Given how much time we spend either sleeping or trying to do so, we end up spending a significant portion of our lives in our beds. With so much time dedicated to the bedroom, it is an obvious stop for us along the way in our step-by-step journey to creating a healthier home.
That being said, we know that revamping your entire bedding collection is quite a big expense, especially compared to replacing something like your body wash, which is a considerably smaller investment. So, while we are covering the entire topic of bedding for this month’s swap, we would encourage you to choose one bedding item to replace for this month. Or, stick this information in your back pocket for a time when resources may allow for a swap. Remember that nontoxic living is a journey, so it’s all about taking on what you can when you can.
Whether you’re in the market for new bedding or simply looking to learn more, we’re so happy you are here to join us as we explore bedding this month!
Want to skip the nitty-gritty and go straight to safer solutions? Skip to What to Look for When Shopping for Safer Options.
Flame Retardants – Flame retardants describes a group of chemicals commonly added to polyurethane foam, a popular material used in conventional mattresses, which is highly combustible due to its derivation from fossil fuels. Various flame retardants have been associated with a variety of negative impacts, which include altered sexual development, fertility issues, endocrine disruption, lower IQ, hyperactivity, thyroid dysfunction, and cancer.
VOCs – Volatile organic compounds, or VOCs, are organic chemicals that can easily become gases. The polyurethane foam typically used in conventional mattresses not only off gases VOCs in the home, but can actually absorb them from the surrounding environment as well! Once absorbed (perhaps in transit or in a factory or warehouse), they can be re-released into the air in our homes. There is a wide range of known substances categorized as VOCs, many of which are known to be harmful to human health. Some of the health impacts of VOCs include irritation, headaches, dizziness, fatigue, organ damage, and cancer.
Conventional Cotton – Conventional cotton bedding can be a source of harmful exposure, as the heavy doses of potentially toxic pesticides utilized in the growing process for conventional cotton can be harmful to the environment and, therefore, humans as well. While the health effects associated with pesticides vary, some of them include: cancer, behavioral issues, and more. Growing conventional cotton is also a water-intensive process.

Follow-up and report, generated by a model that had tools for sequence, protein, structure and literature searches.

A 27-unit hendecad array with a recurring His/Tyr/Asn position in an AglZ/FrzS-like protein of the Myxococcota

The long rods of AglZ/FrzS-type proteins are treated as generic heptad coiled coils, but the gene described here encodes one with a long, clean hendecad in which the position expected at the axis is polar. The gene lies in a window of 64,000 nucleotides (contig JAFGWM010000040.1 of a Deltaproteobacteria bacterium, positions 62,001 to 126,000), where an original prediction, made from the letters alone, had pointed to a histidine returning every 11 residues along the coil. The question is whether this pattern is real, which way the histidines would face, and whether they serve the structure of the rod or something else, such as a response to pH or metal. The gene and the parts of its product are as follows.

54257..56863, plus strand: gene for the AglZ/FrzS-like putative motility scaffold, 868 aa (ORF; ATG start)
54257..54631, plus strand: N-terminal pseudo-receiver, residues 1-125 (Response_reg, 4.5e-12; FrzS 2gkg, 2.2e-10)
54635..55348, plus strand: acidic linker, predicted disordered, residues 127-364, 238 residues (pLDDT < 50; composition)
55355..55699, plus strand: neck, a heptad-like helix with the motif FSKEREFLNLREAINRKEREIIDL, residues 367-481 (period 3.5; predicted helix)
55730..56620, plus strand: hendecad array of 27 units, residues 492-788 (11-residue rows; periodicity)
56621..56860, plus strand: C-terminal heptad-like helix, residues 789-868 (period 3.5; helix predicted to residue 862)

Polyester – Polyester raises environmental concerns as it is not biodegradable. This means that when your sheets and bedding end up in the landfill – and they inevitably will – they won’t break down. Polyester, can use harmful substances in its manufacturing process which can be detected in the fabric after production. Some of these harmful substances, such as antimony trioxide — a production catalyst that has been classified as possibly carcinogenic — can even migrate from the fabric and into saliva and sweat of the user.
What to Look for When Shopping for Safer Options
- When the time comes to shop for a new mattress, look for one made of natural materials such as wool, latex, organic cotton, and coil constructions. Skip polyurethane foam, which is commonly marketed as memory foam. Also ensure your mattress is made without harmful flame retardants. Wool is naturally flame resistant and when used properly can provide effective flame resistance.
- If now’s not the right time to swap your mattress, you can use a topper made of latex, wool, or organic cotton to create a barrier between you and the mattress.
- A great place to start your nontoxic bedding journey is with your pillow. This swap is a smaller investment with a big return, by offering you a barrier between your head and your mattress for relatively low cost. Shop for natural fill fibers like organic cotton, kapok, natural latex, and wool.
- Look for bed linens made of natural textiles like organic cotton, wool, linen, and silk.
- Choosing organic textiles and ethically-sourced animal fabrics – like wool and silk – are friendlier to our environment and the animals with whom we share our planet that conventional options.
- Don’t forget baby! Developing babies’ bodies are more susceptible to exposure to toxic substances, so select a nontoxic mattress and bedding for your little one.
- For more tips on choosing safer mattresses and bedding, see our fact sheet, Sleep Safe. Want to dive into all the nitty-gritty details? Read our full report, Detox Your Sleep.
MADE SAFE® Certified Solutions
Visit here for a full list of MADE SAFE certified MATTRESS options.
Visit here for a full list of MADE SAFE certified BEDDING options.
Visit here [see BEDDING > PILLOWS] for a full list of MADE SAFE certified options.
Visit here [see NURSERY] for a full list of MADE SAFE certified BABY BEDDING + MATTRESS options.
Looking for other nontoxic swaps? Check out our other posts and join the Revolution!
- September: Body Wash
- August: Air Freshener
- July: Bug Repellent
- June: Sunscreen
- May: Feminine care products
- April: Apparel
- March: Hand sanitizer
- February: Hand soap
- January: Cleaning products